Forts de Latour – Although it is not sold en primeur, Forts de Latour deserves a mention, as it is terrific.
Giscours – Another very strong showing from one of Bordeaux’s up-and-coming stars.
La Conseillante – It all comes together for La Conseillante in 2022. Superb.
La Gaffelière – The 2022 might be the best La Gaffelière in modern times. Unforgettable.
Lafon-Rochet – One of Bordeaux’s under-the-radar gems is fabulous in 2022.
Larcis Ducasse – A wonderful showing from what might be the single most under-the-radar property in Bordeaux.
Léoville Las-Cases – An epic Las Cases. There’s nothing more to say.
Le Pin Beausoleil – A stellar 2022 that won’t break the bank. I loved it.
Les Carmes Haut-Brion – I look forward to tasting the 2022 next to the 2020 for many years to come. Tremendous.
Malartic Lagravière – One of the best young vintages I can remember tasting.
Moulin Saint-Georges – A gorgeous, affordable gem from the Vauthier family.
Pichon-Longueville Comtesse de Lalande – It’s all class and finesse in the 2022. A masterpiece.
Puyblanquet – The sublime, delicate side of Saint-Émilion.
Quinault L’Enclos – Maybe the best Quinault I have tasted.
The tiny Clos de Sarpe in Saint-Émilion on an early April morning.
Should You Buy the 2022s?
That is the million-dollar question. The basic premise of en primeur is that wines purchased today will be less expensive than when they are delivered in two years’ time. There is little doubt that the best wines in 2022 are stunningly brilliant. So, that is out of the way. Readers may wish to consider additional factors.
We are in the middle of a banking crisis that no one really understands just yet. I worked at a large European bank the last time this happened. The first signs of distress appeared in 2007. By 2008 the subprime lending crisis was front-page news. We were told that we (the bank) and our clients had ‘limited exposure,’ before we found out no one had limited exposure. I used to walk past the Lehman Brothers headquarters every morning. Then, one day, the sign said ‘Barclays.’ The fourth largest investment bank in the United States no longer existed. So far, regulators have moved quickly to find solutions for failed banks, but they can't do that forever. Geopolitical tensions persist in several areas around the world. Certain sectors of the global economy appear weak, others less so. Currency fluctuations mean that wines could be materially more or less expensive in the future than they are today. Many consumers don’t factor in costs of shipping, insurance and storage when considering wine as an investment. Last but certainly not least, interest rates are high.
Bordeaux has a very unique business model. Châteaux make the wines. A small network of Courtiers (brokers) manages the allocations from Châteaux to Négociants. The Négociants buy the wines and then sell them to their clients, who are typically importers and distributors. Négociants are pressured to take their full allocations each and every year because they know that failing to do so will likely mean losing those allocations in the future. Typically, a significant portion of the en primeur campaign is financed through bank loans. That’s pretty benign when interest rates are low, but what happens when interest rates are high, as they are now? The Négociant margin is already pretty slim. It does not take a genius to figure out that the market is in a pretty precarious place. As always, if the wines are priced attractively, they will sell. If they don’t, proprietors can look in the mirror for the sole explanation of why not. As my former boss used to say: “There’s always another great vintage.” That has never been truer than it is today.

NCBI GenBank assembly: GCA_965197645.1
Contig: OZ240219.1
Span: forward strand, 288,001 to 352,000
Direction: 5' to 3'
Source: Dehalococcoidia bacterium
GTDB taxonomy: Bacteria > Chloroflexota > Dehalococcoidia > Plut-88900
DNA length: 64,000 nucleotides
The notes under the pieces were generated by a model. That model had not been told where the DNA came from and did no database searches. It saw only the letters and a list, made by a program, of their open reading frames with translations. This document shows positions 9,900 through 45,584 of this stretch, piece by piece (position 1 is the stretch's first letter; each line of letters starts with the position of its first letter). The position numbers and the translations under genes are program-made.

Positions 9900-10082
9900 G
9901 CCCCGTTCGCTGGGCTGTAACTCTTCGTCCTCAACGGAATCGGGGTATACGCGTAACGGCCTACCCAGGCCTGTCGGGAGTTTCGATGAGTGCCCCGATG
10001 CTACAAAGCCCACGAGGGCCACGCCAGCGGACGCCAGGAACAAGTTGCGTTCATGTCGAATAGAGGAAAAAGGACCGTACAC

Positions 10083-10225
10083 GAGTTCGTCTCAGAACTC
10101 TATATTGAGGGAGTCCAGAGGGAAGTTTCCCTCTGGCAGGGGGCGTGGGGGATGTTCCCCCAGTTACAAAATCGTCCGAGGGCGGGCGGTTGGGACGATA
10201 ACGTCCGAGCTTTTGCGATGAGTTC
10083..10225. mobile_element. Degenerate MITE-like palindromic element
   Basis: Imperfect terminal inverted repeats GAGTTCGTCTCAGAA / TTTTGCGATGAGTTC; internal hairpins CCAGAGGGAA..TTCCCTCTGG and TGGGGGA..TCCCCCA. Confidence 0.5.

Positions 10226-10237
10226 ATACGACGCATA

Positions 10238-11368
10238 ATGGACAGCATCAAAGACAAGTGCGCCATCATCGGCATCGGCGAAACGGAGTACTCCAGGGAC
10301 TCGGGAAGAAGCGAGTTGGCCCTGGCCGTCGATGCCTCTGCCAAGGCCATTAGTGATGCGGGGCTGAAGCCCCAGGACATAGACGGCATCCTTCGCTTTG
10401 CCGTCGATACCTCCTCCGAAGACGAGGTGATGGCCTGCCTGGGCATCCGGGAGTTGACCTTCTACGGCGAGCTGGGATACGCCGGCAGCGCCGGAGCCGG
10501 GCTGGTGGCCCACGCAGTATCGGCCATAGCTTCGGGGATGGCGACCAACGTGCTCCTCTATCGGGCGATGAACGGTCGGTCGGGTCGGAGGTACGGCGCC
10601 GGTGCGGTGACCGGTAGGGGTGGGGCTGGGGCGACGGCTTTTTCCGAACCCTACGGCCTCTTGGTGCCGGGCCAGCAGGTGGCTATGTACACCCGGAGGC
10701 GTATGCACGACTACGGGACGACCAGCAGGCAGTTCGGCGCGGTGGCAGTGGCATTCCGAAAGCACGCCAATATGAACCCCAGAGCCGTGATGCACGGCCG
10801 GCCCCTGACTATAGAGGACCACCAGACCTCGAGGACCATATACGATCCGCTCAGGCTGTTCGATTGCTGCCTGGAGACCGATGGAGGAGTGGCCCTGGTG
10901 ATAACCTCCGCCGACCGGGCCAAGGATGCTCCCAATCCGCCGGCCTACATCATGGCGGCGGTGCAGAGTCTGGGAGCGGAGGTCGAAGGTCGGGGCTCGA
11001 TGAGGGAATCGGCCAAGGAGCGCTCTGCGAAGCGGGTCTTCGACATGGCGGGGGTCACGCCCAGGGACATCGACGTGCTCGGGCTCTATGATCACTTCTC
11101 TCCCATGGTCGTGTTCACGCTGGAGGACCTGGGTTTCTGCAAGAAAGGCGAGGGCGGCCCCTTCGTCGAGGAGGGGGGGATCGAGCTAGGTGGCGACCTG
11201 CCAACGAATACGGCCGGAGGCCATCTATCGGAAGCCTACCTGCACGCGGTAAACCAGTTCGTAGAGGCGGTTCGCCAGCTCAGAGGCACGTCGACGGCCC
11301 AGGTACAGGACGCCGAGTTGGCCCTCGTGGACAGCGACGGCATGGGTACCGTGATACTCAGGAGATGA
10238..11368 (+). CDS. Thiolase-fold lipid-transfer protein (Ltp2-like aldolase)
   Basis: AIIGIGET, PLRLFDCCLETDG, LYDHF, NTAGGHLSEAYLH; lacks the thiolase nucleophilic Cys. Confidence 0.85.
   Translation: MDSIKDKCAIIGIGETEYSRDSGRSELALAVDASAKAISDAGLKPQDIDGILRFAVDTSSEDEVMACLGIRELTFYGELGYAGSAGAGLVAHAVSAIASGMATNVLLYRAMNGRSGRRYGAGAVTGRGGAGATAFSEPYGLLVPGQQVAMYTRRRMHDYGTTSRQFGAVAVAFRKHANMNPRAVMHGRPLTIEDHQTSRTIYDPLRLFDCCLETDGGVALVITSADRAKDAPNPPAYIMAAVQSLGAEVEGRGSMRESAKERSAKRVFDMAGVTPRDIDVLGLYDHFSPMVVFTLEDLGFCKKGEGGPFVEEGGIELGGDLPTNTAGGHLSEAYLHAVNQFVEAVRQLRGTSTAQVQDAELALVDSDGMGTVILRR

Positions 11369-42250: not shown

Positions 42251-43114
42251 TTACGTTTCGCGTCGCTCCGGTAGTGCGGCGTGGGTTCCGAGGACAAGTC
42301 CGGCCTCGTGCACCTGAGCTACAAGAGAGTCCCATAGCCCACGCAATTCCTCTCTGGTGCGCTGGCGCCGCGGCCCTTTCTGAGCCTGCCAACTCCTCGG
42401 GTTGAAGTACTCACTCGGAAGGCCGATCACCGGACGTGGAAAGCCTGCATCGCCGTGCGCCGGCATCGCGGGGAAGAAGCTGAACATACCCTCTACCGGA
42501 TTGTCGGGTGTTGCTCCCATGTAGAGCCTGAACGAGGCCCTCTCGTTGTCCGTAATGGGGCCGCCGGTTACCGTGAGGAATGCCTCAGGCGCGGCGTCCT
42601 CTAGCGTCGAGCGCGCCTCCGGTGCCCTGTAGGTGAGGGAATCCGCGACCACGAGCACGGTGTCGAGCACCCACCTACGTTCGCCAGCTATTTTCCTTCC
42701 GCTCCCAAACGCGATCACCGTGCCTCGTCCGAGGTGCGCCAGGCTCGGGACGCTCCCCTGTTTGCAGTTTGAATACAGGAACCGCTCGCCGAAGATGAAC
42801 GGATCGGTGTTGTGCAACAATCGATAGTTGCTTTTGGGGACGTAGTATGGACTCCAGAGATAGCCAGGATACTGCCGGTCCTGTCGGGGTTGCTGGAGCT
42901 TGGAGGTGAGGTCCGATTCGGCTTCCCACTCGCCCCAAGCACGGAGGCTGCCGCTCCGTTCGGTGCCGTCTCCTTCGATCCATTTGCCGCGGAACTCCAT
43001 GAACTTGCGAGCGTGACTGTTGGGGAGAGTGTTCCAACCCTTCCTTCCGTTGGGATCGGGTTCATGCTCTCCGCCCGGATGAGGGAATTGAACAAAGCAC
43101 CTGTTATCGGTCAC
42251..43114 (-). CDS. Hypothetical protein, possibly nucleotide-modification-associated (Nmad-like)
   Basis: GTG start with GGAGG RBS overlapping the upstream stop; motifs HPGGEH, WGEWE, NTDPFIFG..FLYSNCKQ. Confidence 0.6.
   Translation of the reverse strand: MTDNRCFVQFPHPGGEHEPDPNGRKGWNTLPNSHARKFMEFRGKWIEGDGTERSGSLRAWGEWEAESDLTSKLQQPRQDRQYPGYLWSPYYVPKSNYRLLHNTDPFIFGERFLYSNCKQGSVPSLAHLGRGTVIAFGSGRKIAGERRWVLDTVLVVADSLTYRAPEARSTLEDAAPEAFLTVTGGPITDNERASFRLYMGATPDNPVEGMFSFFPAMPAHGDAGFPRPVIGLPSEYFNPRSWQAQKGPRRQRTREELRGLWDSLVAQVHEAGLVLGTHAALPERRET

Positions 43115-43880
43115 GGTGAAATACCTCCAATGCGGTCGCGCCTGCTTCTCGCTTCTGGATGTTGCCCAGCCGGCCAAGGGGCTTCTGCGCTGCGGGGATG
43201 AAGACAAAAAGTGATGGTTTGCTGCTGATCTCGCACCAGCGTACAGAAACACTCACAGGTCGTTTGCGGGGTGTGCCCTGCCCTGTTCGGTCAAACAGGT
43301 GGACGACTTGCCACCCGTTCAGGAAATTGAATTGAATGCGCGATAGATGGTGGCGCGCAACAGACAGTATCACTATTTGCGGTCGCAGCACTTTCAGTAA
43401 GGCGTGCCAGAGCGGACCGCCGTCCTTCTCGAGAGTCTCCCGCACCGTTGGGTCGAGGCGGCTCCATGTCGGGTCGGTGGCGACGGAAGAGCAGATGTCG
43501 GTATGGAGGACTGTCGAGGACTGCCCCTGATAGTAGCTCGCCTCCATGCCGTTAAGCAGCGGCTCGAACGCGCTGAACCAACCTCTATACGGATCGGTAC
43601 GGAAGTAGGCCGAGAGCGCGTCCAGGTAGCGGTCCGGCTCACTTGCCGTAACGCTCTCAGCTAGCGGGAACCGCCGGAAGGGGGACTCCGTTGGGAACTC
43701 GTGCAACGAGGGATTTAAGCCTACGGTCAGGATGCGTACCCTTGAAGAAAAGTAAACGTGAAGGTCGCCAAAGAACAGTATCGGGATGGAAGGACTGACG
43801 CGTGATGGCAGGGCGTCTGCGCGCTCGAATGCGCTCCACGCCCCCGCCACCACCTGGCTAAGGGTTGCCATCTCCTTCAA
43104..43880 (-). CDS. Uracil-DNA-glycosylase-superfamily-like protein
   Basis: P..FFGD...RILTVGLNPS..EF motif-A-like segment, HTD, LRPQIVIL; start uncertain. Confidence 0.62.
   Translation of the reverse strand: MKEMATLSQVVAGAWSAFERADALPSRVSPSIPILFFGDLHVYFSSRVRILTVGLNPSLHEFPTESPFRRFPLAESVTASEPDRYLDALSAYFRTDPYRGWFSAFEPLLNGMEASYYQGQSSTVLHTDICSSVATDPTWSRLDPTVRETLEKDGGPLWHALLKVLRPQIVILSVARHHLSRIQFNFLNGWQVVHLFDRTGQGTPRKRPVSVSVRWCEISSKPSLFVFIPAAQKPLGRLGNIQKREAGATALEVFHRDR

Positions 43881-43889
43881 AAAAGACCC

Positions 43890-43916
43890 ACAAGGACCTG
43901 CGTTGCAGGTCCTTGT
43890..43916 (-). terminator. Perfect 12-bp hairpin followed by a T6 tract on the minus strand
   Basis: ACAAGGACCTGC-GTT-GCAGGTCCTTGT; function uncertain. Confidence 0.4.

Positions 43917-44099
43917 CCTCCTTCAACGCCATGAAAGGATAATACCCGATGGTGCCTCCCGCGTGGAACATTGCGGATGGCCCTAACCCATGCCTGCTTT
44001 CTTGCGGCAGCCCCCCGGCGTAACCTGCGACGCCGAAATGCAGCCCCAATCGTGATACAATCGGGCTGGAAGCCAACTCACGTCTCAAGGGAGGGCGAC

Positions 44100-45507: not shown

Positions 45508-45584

Technical Manager Jérôme Poisson and General Manager Alexander Van Beek continue to make great strides at Giscours.
A Deeper Dive in 2022 and the Current State of Bordeaux
There are two main questions on the minds of Vinous readers I have spoken with so far:
1. How can Bordeaux have another potentially great vintage in 2022 after the 2018/2019/2020 trio?
2. Is it really possible that viticulture and winemaking have improved so rapidly that the challenges of very difficult years, especially in the climate change era, are being met?
Some historical perspective might be helpful. Without going too far back into obscurity, Bordeaux’s recent past can be broken up into a few major periods.
Things looked very different in the period that started approximately in the post-World War II era. Vineyards were farmed with fertilizers, herbicides and pesticides. The goals of viticulture were simply to ripen as large a crop as possible and avoid disease. There was no such thing as ‘sustainable farming’ at the time because these concepts were in their infancy, and they would have never worked in a marginal climate such as Bordeaux had at the time. The concept of ‘optimal ripeness’ did not exist. Owners sent crews into the vineyards with instructions to harvest a certain amount of fruit by volume that would fill a vat. The idea of limiting yields in the field for the purpose of elevating quality through ‘green harvesting’ had not been developed. In the cellar, winemaking was done by recipe, the same every year, unlike today, when winemakers are always challenging convention. Save for a few exceptions, there were no second wines. Great vintages came along once or twice a decade. Economic prospects for most estates were bleak.